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Wisdom For Your Weekend: your weekly installment of things we’ve been reading around the web.

Book Review of the Week

The Bible Tells Me So: Why Defending Scripture Has Made Us Unable to Read It, by Peter Enns. Reviewed by Michael J. Kruger. “In the end, The Bible Tells Me So is a book about contradictions. Enns intended it to be a book about contradictions in the Bible. But it becomes quickly apparent that the contradictions are really in Enns’s own worldview. . . . Enns has fully adopted the methods and conclusions of the most aggressive versions of critical scholarship, and yet at the same time wants to insist that the Bible is still God’s Word, and that Jesus died and rose again. While it’s clear to most folks that these two systems are incompatible at most levels, Enns is tenaciously trying to insist both can be true simultaneously.”

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In this four-part blog series, we attempt to answer the controversial question: is it possible to pursue multi-site in a biblically faithful way?

We’re asking (and answering) four questions: 1. Is multi-site evangelistically effective? 2. Is multi-site a biblically sound model? 3. Is multi-site pastorally helpful? 4. Does multi-site encourage or discourage leadership development?

Today’s issue: pastoral care.

In our first post we tried to show that a multisite strategy can be a biblically faithful attempt to balance evangelistic urgency, accountability, and community. We questioned whether single-service-only advocates have given enough consideration to the evangelistic urgency in how they set up church.

Jonathan Leeman posted 22 reasons why he thinks the multi-site model is problematic. Most of his problems had to do with a supposed lack of pastoral care, accountability, and community exacerbated by multi-site churches. We take these critiques very seriously, as we believe the church is to be a family that cares deeply for its own, and that, according to the book of Hebrews, we elders will have to give an account for every member of our church. Church is not an event to attend as much as it is a community to belong to. So if multi-site truly undermines pastoral care, I’d be willing to rethink—and even abandon—the model.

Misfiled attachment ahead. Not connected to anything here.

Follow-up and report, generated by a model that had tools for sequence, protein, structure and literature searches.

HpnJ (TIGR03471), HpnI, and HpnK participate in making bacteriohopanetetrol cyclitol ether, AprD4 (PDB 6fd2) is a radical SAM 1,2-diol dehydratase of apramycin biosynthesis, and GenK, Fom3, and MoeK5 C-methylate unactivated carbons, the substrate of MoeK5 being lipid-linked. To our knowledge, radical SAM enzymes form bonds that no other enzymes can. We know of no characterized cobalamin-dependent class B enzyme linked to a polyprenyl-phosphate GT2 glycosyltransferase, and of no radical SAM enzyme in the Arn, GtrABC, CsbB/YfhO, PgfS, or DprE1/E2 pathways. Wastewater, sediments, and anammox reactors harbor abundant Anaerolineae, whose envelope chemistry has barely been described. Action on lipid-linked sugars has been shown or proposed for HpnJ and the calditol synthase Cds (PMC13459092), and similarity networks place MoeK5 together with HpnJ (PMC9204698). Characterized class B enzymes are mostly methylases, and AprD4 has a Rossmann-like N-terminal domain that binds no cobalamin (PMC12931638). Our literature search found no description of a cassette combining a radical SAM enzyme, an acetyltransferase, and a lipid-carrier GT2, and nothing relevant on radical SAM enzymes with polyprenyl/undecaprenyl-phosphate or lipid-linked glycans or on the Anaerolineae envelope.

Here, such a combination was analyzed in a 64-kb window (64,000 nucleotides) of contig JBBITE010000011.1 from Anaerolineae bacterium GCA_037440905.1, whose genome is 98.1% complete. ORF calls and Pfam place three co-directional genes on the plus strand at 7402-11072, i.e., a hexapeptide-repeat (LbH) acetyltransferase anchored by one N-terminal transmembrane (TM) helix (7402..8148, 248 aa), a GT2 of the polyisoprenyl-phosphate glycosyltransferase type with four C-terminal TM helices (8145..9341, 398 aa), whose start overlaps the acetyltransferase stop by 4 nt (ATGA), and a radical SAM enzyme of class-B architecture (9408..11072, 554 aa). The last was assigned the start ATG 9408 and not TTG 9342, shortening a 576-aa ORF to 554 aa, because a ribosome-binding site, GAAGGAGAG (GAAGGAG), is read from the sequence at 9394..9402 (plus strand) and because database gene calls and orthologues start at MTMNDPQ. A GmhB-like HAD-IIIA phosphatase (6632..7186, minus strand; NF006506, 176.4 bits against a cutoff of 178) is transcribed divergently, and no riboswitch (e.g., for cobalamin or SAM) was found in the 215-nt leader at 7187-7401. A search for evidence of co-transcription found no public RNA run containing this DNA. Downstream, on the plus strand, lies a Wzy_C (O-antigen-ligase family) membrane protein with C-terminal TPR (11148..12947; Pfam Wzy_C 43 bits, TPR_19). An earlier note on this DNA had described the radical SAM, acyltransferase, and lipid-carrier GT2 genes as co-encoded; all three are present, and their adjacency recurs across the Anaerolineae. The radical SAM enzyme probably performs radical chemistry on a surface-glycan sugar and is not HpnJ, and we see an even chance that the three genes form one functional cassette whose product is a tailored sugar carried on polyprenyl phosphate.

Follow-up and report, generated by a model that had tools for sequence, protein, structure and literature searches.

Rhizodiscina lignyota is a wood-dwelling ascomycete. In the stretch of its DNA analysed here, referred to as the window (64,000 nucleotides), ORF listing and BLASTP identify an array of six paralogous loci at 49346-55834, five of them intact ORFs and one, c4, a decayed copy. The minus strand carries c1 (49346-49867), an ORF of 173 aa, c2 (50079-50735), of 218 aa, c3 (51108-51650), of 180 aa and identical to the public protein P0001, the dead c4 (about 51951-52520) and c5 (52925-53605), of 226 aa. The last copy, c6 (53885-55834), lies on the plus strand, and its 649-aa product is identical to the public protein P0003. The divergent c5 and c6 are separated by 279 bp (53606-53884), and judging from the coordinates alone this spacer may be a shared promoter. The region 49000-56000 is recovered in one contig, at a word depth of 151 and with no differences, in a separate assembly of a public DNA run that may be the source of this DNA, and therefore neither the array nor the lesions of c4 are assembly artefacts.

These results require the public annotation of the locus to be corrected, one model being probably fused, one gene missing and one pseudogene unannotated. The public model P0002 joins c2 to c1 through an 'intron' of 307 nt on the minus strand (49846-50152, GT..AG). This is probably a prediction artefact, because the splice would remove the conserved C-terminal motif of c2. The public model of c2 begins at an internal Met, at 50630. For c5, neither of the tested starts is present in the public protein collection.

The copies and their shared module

But here’s the counter-intuitive truth: the multi-site model can actually enhance pastoral care. At least that is how it has worked for us.

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In this four-part blog series, we answer the simple but controversial question: is it possible to pursue multi-site in a biblically faithful way?

We’re attempting to answer four questions: 1. Is multi-site evangelistically effective? 2. Is multi-site a biblically sound model? 3. Is multi-site pastorally helpful? 4. Does multi-site encourage or discourage leadership development?

Today’s issue: biblical fidelity.

Is the multi-site model biblically sound? This is, of course, the most important question. Or is it, even in its best forms, a pragmatic adaptation to a consumerist culture that departs from the biblical vision for the church? Some say it must be because the local church is in its very essence an “assembly,” and sense a multisite strategy, by definition, gathers people in different locations each weekend, a multisite model, no matter how well-intentioned cannot be a biblically faithful approach to church. Multisite congregations are essentially a network of “churches” under a episcopal-type government–with the total number of churches corresponding to the number of assemblies. By this definition, of course, this means that a church that meets in two services on Sunday morning is really two different churches. Each assembly is its own church.

Grant Gaines recently recapped this view on his blog, in response to an article (and a tweet) of mine. I had argued that the essence of a New Testament local church is not “assembly” but “covenant body.” If the local church is essentially an assembly, I said, then it only exists when it assembles and only when all the members are present. Furthermore, in the event that a church had to temporarily suspend its weekend services (due to war or disease), by that definition it would cease to be a church. Neither of those things is true, because what makes a church a church when it is not in assembly is the covenant that binds the members together. Assembly is an indispensable function of the church, but covenant is its essence.

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